Brian Hamilton: OMG! There’s a hacker in my computer?
“You have a hacker in your computer right now!”
Not recognizing the voice as one of our own IT folks, I quickly checked the caller ID while wondering who within our company might be calling me from San Antonio …
“This is Jimmy from the Windows Service Center,” he said. “You have a hacker inside your PC right now!”
Oh no! How could that be?
To my knowledge, the only PC I own — Dude, it’s a Dell — was at the bottom of a stack of shelves in our garage, completely unplugged and collecting dust.
“You must go to your computer now!” he insisted. “I cannot help you, if you do not do everything I say.”
Considering “Jimmy” had reached me at work, and that I wasn’t about to drive home to see if someone somehow had plugged in my old PC, I relented and turned to face the only screen in my office — also a Dell, but one connected to a MacBook and not operating any version of Windows.
“What do you see?” he asked.
“My desktop, with the background photo,” I said, “with a bunch of files I haven’t gotten around to deleting, or storing away.”
“OK,” he said. “Look to the left of your keyboard. Push the control button, the four-flag key and the letter ‘R.’”
Having no idea about the “four-flag key” to which he referred, I quickly Googled “PC keyboard” for an image and realized he was talking about the key bearing the Windows logo.
“Have you pressed the keys?”
“Yes,” I lied.
“And what do you see?”
“Nothing,” I lied again, not having any idea what I should be seeing had I done as he asked on an actual PC. “I pushed the keys and nothing happened.”
“That is not possible!” he said, growing frustrated. “You are not doing what I told you to do!”
“Whoa, easy there,” I said. “Look you called me, saying someone had hacked into my computer — right now! — and that you want to help me ‘get the hacker out.’
“I appreciate the help,” I lied one more time, “but why are you getting so angry with me?”
That’s when “Jimmy” handed the phone to his “supervisor,” a guy named “Mack.”
“Hello, yessir, someone has hacked your PC and you must do what I say to get the hacker out,” Mack said.
But after I told him that nothing seemed to happen when I pressed the keys as instructed, Mack also got mad at me and said I was not doing what I was told to do.
“How do you know that?” I asked, adding, “And how do you know someone is hacking my computer?”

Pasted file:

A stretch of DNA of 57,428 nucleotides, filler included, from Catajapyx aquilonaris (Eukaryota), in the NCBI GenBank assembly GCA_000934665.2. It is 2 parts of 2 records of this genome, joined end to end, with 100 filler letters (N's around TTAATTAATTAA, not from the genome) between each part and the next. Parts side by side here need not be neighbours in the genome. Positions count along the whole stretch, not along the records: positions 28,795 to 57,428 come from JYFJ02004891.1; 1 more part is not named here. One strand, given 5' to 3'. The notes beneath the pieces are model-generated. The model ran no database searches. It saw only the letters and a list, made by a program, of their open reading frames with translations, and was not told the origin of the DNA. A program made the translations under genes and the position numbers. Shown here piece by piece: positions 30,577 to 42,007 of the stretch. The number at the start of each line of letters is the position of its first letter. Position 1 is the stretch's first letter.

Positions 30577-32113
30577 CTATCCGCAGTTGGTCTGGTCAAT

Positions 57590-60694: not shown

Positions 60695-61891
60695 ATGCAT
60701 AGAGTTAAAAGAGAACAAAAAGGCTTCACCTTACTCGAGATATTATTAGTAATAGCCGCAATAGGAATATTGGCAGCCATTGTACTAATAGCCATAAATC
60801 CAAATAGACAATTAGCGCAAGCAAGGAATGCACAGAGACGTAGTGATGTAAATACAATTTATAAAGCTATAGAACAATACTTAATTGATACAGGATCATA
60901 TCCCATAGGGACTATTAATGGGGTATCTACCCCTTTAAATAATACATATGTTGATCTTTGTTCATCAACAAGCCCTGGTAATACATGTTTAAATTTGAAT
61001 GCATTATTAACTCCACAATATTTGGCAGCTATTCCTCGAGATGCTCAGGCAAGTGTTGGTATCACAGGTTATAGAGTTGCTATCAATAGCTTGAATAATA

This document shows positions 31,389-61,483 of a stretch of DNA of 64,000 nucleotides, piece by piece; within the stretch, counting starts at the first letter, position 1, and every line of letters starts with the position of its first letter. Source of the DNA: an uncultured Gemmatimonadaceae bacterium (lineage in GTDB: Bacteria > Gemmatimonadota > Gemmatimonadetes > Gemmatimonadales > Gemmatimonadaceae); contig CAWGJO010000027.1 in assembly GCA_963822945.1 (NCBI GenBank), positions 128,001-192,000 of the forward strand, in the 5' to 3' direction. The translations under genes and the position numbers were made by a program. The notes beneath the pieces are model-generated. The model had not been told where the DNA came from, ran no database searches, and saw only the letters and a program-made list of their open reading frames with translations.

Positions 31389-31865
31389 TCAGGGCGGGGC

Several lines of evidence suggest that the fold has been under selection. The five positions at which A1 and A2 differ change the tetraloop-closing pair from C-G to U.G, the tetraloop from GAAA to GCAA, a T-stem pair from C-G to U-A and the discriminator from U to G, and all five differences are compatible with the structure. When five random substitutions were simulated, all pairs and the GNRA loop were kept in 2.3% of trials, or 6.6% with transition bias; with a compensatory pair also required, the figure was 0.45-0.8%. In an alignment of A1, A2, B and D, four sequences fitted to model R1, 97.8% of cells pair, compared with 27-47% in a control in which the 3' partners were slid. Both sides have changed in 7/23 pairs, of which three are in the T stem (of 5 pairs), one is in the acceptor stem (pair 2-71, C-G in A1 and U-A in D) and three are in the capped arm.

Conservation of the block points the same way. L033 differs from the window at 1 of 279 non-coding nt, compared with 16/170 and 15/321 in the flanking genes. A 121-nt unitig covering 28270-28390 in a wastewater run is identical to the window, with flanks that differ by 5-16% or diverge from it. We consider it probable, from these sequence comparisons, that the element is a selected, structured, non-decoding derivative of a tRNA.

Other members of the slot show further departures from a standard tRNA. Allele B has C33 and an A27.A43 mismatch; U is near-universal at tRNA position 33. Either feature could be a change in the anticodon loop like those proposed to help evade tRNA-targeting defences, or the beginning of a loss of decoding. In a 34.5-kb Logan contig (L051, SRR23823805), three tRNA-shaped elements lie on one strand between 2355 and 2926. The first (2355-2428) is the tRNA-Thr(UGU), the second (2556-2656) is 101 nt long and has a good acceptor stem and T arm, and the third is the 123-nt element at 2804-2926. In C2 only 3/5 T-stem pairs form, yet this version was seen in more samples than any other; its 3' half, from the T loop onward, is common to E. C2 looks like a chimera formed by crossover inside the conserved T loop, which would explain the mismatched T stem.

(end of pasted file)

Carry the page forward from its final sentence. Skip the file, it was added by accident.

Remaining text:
“Because we know what will happen when you press these keys,” he said, again in an angry tone. “We also know your name, your license and your ID number.”
“Really? What’s my name?”
“Jim Moss,” he said.
“That’s not my name, and …”
Wouldn’t you know it? Before I could let them know that Jim, a former member of our team here at The Union, no longer worked here, Jimmy and Mack hung up on me.
I tried to call them back, hoping they were still willing to help me “get the hacker out,” but to no avail.
Of course, the scammers scrammed once they realized I was just playing along in order to get more information from them, as I wasn’t too forthcoming in providing much the other way around.
Unfortunately, though, there are apparently many folks who do fall for the scheme. Otherwise, there likely wouldn’t be so many examples of the scam being shared on the internet. According to a 2015 report on elder financial abuse, by True Link Financial, such schemes are among the fraudulent activities that cost seniors $36 billion annually.
And the “tech support” type of scam is so prevalent that it’s regularly referenced among the most common scams targeting senior citizens, which also include tactics touting assistance with health care, financial advising and the Internal Revenue Service. Even if they don’t know your name, or what computer you’re using, the fraudsters on the other end of the phone call likely know Nevada County has a high population of seniors — nearly a quarter of our residents, according to the U.S. Census — and target numbers from the surrounding area.
The federal government encourages anyone who fears they are a victim of such fraud to report their case to local law enforcement, state consumer protection agencies or the relevant federal agency. Visit https://www.usa.gov/stop-scams-frauds for information on common types of fraud, the most popular scams, and how to report such fraudulent activity.
Avoid becoming one of the folks who fall for such schemes; the next time a “Jimmy” or “Mack” dials up offering their technical service skills, simply take the advice Sheriff Keith Royal offered earlier this year, when area residents reported a rash of IRS calls seeking their personal information:
“Just hang up,” he said. “Don’t talk to them.”
Contact Editor Brian Hamilton at email@example.com or 530-477-4249.
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